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The Real Mad Men: The Remarkable True Story of Madison Avenue's Golden Age

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Advertising is a business rooted in art, an art rooted in business, and it reached its peak in a specific place at a specific time: New York City at the end of the 1950s and into the '60s. Like AMC's award-winning drama "Mad Men," this book looks at the industry that shaped a culture. The" Real Mad Men" is a visual history of key major ad campaigns during the 1950s and 196 Advertising is a business rooted in art, an art rooted in business, and it reached its peak in a specific place at a specific time: New York City at the end of the 1950s and into the '60s. Like AMC's award-winning drama "Mad Men," this book looks at the industry that shaped a culture. The" Real Mad Men" is a visual history of key major ad campaigns during the 1950s and 1960s and the people responsible for them. Beginning with the iconic VW campaign that kicked off the "Creative Revolution" it covers campaigns such as Avis, Alka Seltzer, Benson & Hedges 100s, Volvo, Chivas Regal, and Braniff Airways. "Real Mad Men" reveals the true players of Madison Avenue in the era of the "Mad Men" and provides a behind-the-scenes look at key agencies, including 150 full-color illustrations of the main ad campaigns as well as numerous inset campaigns


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Advertising is a business rooted in art, an art rooted in business, and it reached its peak in a specific place at a specific time: New York City at the end of the 1950s and into the '60s. Like AMC's award-winning drama "Mad Men," this book looks at the industry that shaped a culture. The" Real Mad Men" is a visual history of key major ad campaigns during the 1950s and 196 Advertising is a business rooted in art, an art rooted in business, and it reached its peak in a specific place at a specific time: New York City at the end of the 1950s and into the '60s. Like AMC's award-winning drama "Mad Men," this book looks at the industry that shaped a culture. The" Real Mad Men" is a visual history of key major ad campaigns during the 1950s and 1960s and the people responsible for them. Beginning with the iconic VW campaign that kicked off the "Creative Revolution" it covers campaigns such as Avis, Alka Seltzer, Benson & Hedges 100s, Volvo, Chivas Regal, and Braniff Airways. "Real Mad Men" reveals the true players of Madison Avenue in the era of the "Mad Men" and provides a behind-the-scenes look at key agencies, including 150 full-color illustrations of the main ad campaigns as well as numerous inset campaigns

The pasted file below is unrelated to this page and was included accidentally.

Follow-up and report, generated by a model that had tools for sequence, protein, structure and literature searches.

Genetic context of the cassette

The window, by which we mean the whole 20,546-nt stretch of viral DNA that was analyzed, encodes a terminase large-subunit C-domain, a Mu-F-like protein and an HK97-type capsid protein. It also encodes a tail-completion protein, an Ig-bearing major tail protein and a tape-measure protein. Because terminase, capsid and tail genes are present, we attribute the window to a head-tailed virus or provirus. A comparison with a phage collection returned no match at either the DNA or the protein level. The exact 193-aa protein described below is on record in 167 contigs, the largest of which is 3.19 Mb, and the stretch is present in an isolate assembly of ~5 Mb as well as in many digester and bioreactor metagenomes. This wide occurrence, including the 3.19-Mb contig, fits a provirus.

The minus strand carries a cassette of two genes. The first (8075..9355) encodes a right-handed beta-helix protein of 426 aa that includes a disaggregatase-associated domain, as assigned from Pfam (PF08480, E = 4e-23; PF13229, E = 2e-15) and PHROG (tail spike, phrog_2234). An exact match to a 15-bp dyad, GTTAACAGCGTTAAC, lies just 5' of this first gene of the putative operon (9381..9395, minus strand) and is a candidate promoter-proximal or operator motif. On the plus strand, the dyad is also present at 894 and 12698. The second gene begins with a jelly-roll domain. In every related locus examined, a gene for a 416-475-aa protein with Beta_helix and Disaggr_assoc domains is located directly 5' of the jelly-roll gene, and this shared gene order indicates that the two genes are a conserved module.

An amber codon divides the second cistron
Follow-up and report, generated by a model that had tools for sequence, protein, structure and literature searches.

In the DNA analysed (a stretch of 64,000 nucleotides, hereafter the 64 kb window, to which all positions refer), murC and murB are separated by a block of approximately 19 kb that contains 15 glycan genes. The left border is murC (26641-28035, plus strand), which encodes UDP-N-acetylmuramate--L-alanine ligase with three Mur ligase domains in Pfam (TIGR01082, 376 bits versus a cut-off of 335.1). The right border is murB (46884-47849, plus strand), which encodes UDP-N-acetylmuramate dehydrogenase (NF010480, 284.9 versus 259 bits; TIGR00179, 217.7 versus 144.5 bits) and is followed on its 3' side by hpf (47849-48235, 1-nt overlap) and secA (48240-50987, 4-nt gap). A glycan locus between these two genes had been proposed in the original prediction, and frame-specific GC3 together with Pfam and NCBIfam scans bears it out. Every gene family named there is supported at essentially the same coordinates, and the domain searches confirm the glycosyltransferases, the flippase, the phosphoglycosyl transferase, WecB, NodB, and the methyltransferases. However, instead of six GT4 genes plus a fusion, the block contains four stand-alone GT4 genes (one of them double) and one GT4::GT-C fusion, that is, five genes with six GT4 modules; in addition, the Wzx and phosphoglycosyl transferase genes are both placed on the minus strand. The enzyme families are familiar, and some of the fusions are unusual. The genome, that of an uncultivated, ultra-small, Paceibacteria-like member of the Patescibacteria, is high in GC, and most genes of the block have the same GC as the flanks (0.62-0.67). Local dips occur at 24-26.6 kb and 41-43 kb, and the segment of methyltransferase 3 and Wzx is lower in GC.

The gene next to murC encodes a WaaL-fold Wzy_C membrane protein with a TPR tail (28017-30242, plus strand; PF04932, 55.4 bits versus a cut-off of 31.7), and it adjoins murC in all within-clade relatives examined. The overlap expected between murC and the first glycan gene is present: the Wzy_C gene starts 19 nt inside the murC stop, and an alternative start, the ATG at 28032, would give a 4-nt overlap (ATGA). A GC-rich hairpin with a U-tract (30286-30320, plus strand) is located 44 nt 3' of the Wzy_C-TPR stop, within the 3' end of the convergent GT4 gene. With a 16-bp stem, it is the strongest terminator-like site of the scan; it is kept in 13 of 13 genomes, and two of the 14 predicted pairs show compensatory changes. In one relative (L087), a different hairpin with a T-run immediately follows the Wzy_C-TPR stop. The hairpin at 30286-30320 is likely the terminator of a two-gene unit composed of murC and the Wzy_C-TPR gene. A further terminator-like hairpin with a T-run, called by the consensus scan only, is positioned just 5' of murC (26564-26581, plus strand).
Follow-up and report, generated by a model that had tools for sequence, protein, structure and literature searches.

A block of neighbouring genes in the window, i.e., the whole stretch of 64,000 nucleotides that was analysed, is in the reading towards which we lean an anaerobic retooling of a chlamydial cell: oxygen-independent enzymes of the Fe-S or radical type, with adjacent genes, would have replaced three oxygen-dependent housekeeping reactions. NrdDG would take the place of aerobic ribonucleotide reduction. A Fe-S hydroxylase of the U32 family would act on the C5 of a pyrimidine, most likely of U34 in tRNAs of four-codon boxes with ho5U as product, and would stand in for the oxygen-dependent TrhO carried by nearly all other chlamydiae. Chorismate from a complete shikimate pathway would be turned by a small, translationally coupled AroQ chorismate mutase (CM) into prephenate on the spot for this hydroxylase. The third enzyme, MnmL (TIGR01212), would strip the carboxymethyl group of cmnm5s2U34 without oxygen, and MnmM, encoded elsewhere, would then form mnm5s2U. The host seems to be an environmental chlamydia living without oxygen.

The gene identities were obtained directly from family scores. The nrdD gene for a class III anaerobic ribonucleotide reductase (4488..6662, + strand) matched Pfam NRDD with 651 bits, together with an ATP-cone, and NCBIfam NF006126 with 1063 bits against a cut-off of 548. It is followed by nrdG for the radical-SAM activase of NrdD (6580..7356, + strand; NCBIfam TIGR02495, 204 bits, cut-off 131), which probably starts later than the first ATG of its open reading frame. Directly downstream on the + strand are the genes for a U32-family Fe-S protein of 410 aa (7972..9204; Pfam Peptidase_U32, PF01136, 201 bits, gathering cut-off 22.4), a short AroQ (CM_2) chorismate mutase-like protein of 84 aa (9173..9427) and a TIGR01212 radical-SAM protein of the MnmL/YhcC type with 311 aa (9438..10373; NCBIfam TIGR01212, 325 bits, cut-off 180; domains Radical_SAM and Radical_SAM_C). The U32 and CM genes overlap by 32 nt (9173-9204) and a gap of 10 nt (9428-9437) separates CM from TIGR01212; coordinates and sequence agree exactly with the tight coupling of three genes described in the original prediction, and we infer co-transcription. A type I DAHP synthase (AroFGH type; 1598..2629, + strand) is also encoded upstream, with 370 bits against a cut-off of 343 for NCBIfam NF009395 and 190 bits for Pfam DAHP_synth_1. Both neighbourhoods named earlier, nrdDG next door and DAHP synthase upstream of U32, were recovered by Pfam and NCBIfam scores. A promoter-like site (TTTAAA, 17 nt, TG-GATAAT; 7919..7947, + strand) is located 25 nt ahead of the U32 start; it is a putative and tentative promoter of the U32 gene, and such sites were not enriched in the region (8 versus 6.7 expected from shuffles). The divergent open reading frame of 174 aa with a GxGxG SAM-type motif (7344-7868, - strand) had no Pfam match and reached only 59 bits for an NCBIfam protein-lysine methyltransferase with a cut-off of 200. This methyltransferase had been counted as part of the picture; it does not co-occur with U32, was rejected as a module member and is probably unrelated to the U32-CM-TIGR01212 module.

30 review for The Real Mad Men: The Remarkable True Story of Madison Avenue's Golden Age

  1. 4 out of 5

    L

    This non-fiction book i recieved through a Goodreads 'first-read' giveaway and which was such a privalige, as this book was utterly brilliant as to its genre and subject matter. It discusses the revolution that ocured during the 1950's and 1960's when business changed drematically, paving the future for pioneering industry. Advertising and marketing is researched into such depth and detail, as to bring this particular moment in time back to life most vividly. The stories of the writers, artists, This non-fiction book i recieved through a Goodreads 'first-read' giveaway and which was such a privalige, as this book was utterly brilliant as to its genre and subject matter. It discusses the revolution that ocured during the 1950's and 1960's when business changed drematically, paving the future for pioneering industry. Advertising and marketing is researched into such depth and detail, as to bring this particular moment in time back to life most vividly. The stories of the writers, artists, creators and designers from this golden scene of historical change is told most clearly, and how ambitiously creative new aproaches were given light thus forming the foundations of modern advertising as we know it. A market that was already booming was met with new ideas that had such a profound effect as to change the course of the future forever, by producing waves and ultimately changing history. New radical and influential concepts were laid on the table by men who were cleaver, imaginative, creative and smart. Newspapers, magazines and televisions were the advertising backbone and where messages could be directed to reach thousands of consumers, thus broadening target markets out of proportion. Reading this book was like a breath of fresh air coming in through a window that opens to a different view, and one that was a most welcome diversion from all fictional books that i have read so much of recently. I was truly captivated and facinated throughout, and i feel utterly privaliged to have been able to read this. The story told was most illuminating of this poinant moment within history, and something that should not be forgotten within industry's breakthrough events as i doubt that it will ever be repeated again. These men gave life and energy to a business that lacked the vision and inspiration that they so posessed, and everyone within this modern age has to be thankful for all they did to change and transform our world. Despite being non-fiction and an honest and real acount of that time, i felt able to enjoy this book like it was telling me a story, there story and from that aspect i really felt a part of it. Some readers can find certain non-fiction too deep, complex or lacking that energy that makes a book so readable, but this did not and i felt completely able to read right through to the very end (without it lacking in momentum or excitement). For those who are businessmen or women and who understand the tough nature of industry, then you will be able to fully relate to this book and even perhaps empathise with some of these great men such as Bill Bernbach who foundered DDB. I was not only facinated by this book but i also found it most inspiring, especially when one contemplates how just simple ideas can have such a profound effect and impact all that surrounds us. I was also tought how to apreciate certain things that one might take for graunted, and how if one is determined enough, strong minded and most importantly believes in themself and their ideas then you can change the future. I cannot thank Quercus publishers enough for their kindness and generosity, as i am truly overwhelmed how this book has created such an effect upon myself and my way of thinking for the better. If you have not read this yet then i strongly urge that you do, as you may find yourself very much suprised.